His success in turning round a stagnating electrical group that now has a turnover of Fr56bn ( pounds 6.7bn), culminating in a bold hostile bid for an American rival - the biggest ever launched by a French company in the US - has earned him a reputation as a tough and ambitious manager.
One business magazine has crowned him Businessman of the Year, and his peers are ready to elect him head of the French version of the Institute of Directors, the Patronat.
Riding high, our hero is asked to help with a little legal inquiry concerning a couple of the group's foreign subsidiaries - some fuss about a long-past takeover battle. The situation has anyway been settled recently to everyone's satisfaction. It is now just a case of tidying up a few loose ends, a spot of local bother, nothing serious.
Knowing the buck stops at his desk, he is only to happy to help out and sets aside a day for it. He has not even packed a toothbrush. He has expected to answer a few questions and then return home. But, instead of this, he finds himself jailed on suspicion of fraud, embezzlement, falsification of annual accounts and abuse of confidence. The Kafka-esque nightmare has begun.
The attraction of such a film, of course, is that it tells a true story. The chairman of the French electrical engineering group Schneider, Didier Pineau-Valencienne has now spent a week behind bars in a Belgian prison that usually houses petty criminals and drug addicts. He has not been arrested and is innocent until proved guilty, but under Belgian law the independent juge d'instruction has the right to detain suspects while he gathers enough facts to determine whether there is a case to answer.
In France, the outrage has rekindled all the old animosities between the mighty French state and Belgium - regarded by all self-respecting Frenchmen as a joke, particularly since French businesses now control a large chunk of its industry. Liberation, the left-leaning newspaper that is rarely the preferred reading of the French business community, summed it up in a headline that read: 'Small-time Belgian judge locks away big-time French company chairman'.
Mr Pineau-Valencienne's peers took out a full-page advertisement pledging their support for him, the French ambassador to Belgium made a point of visiting him in prison, and the French prime minister Edouard Balladur has been putting heavy pressure on his Belgian counterpart, Jean-Luc Dehaene.
All in vain. The Belgian judiciary, which as many Belgian commentators have pointed out this week is independent (infering that French judges are not), decided on Wednesday that Mr Pineau-Valencienne and a one-time financial partner detained as part of the same inquiry, Valentino Foti, should be held for up to a month longer. Lawyers for both men said they would appeal the decision, and the inquiry that Mr Pineau- Valencienne confidently predicted would cause no surprises has so far knocked more than 5 per cent off the value of Schneider stock.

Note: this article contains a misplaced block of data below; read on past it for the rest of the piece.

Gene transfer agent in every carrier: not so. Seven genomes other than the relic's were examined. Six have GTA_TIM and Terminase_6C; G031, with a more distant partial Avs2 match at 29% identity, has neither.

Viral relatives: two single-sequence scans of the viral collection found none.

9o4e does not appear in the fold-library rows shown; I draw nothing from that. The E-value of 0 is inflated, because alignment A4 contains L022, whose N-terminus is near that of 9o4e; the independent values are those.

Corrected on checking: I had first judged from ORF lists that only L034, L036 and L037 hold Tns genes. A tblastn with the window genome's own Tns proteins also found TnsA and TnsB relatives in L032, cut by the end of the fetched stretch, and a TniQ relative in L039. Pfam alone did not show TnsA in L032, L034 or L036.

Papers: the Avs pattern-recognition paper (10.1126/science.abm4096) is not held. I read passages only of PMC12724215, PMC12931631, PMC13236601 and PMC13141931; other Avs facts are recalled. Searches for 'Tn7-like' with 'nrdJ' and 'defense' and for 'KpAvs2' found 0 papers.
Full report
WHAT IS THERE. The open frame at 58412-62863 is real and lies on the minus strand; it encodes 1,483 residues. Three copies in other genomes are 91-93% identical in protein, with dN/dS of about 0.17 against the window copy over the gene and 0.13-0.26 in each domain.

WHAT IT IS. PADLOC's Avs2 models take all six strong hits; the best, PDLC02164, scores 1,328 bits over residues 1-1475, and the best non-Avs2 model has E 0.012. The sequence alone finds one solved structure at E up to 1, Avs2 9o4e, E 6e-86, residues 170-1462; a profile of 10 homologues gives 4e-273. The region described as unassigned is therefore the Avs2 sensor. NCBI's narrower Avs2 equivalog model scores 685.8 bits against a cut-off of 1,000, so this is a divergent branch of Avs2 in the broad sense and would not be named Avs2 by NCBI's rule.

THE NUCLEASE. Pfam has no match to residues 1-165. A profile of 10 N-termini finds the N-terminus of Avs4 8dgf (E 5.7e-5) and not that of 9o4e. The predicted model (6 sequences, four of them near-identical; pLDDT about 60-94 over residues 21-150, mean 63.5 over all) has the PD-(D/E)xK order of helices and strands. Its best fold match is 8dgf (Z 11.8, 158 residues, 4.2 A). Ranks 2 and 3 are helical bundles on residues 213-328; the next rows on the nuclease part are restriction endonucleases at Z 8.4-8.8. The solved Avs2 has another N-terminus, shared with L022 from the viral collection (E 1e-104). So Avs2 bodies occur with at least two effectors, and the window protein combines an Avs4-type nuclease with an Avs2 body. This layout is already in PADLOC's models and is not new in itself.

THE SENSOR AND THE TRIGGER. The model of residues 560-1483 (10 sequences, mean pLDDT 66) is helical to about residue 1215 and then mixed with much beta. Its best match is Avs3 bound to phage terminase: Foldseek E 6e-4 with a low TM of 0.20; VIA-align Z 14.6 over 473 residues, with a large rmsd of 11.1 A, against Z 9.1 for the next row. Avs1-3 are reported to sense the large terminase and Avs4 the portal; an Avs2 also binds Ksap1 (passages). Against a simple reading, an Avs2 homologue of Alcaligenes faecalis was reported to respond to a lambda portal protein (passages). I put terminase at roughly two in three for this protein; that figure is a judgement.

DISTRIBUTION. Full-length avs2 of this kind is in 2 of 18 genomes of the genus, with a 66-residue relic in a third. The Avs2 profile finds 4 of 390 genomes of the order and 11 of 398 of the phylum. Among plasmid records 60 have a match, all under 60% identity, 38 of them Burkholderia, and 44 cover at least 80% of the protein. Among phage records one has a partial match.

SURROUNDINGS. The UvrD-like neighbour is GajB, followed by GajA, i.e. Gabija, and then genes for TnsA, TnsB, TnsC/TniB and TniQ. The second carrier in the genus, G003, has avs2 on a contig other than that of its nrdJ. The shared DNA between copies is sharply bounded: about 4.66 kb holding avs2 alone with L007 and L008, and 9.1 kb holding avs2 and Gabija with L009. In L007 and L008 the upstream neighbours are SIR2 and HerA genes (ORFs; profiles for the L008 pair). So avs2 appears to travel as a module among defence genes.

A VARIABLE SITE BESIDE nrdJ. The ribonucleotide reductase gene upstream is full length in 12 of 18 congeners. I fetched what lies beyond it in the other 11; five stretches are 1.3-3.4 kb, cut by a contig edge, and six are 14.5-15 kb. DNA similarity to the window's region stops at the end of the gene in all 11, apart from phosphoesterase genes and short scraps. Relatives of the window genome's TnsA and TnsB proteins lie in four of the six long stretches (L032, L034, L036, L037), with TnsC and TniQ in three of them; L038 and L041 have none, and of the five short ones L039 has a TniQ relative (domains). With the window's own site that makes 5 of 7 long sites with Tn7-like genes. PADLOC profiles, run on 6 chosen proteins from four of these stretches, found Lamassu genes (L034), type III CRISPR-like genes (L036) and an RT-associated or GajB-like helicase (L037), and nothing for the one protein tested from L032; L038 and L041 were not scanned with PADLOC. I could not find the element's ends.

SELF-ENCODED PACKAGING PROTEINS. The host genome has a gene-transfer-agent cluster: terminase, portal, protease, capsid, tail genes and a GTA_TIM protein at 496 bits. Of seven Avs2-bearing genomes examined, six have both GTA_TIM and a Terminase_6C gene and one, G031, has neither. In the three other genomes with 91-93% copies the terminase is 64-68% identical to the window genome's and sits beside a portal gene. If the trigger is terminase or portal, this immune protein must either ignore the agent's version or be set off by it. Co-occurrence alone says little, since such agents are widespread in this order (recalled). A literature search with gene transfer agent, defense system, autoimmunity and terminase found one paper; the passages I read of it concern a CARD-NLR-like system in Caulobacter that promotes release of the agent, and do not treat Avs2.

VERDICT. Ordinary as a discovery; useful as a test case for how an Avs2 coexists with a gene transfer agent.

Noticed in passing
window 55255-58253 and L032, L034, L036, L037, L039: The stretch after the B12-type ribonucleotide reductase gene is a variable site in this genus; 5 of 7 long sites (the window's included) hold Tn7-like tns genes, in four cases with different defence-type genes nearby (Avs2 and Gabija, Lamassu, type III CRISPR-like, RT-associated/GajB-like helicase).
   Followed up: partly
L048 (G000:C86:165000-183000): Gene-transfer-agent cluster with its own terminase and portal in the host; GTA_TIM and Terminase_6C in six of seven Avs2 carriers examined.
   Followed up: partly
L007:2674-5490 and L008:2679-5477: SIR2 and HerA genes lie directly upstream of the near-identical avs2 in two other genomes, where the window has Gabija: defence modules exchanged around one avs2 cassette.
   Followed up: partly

Not everyone is happy with this state of affairs. Mr Philippe Quarre, a practising Belgian advocat and a lecturer in judicial procedure, says that preventative detention should be used only if there is a risk to public security. He rejects the defence of the juge d'instruction, Mr Van Espen, that he needed to incarcerate the men to prevent them tampering with evidence and warns that the Belgian legal system is at risk of becoming a laughing stock.
But there is a growing sense that there must be a blazing fire to produce so much smoke. On Thursday a Franco/Belgian police team searched Schneider's Paris headquarters and Mr Pineau-Valenciennce's home, removing annotated documents relating to the group's offshore investments. Rumours abound that the net will be cast even wider next week.
The crime of which Mr Pineau-Valencienne has not yet been properly accused centres on his role as chairman - how much did he know and when did he know it? In 1992, Schneider made an offer to buy out minority interests in two of its Belgian financial subsidiaries, Cofibel and Cofimines. Minority shareholders complained that the bid deliberately undervalued the company and that Schneider had, in an act of gross mismanagement, allowed a Swiss-registered company, Fimo, to buy into the capital of PB Finance, in which Cofibel had a stake. The company no longer has any connection with PB Finance, in which the Italian financier Valentino Foti was involved, and Schneider, in an out-of-court settlement, agreed to increase its original offer to the minority shareholders. But by this time the judicial inquiry was unstoppable, fuelled by the suspicion that PB Finance has been involved in money laundering.
It is argued that Mr Pineau- Valencienne must have known both about the buy offer for Cofibel and Cofimines (of which he was president) and the shady business dealings of PB Finance. Here the case is less convincing, for Mr Pineau Valencienne has always said that he delegated that side of things to Mr Foti and Mr Jean Verdoot (who died last year). So while the Belgians pursue their investigations in France and Switzerland, Mr Pineau-Valencienne languishes in Forest prison.
The story has already been serialised at great length in both the French and Belgian press and as political thrillers go, it has all the essential ingredients: good guys, bad guys, a glamorous hero who may perhaps win in the end thanks to the unstinting efforts of a humble legal officer, say, and more than a whiff of Mob drugs money. Best of all, the spinoff potential is considerable. If The Trial does well you can expect the sequel, The Chairman's Revenge, at a cinema near you some time next year.
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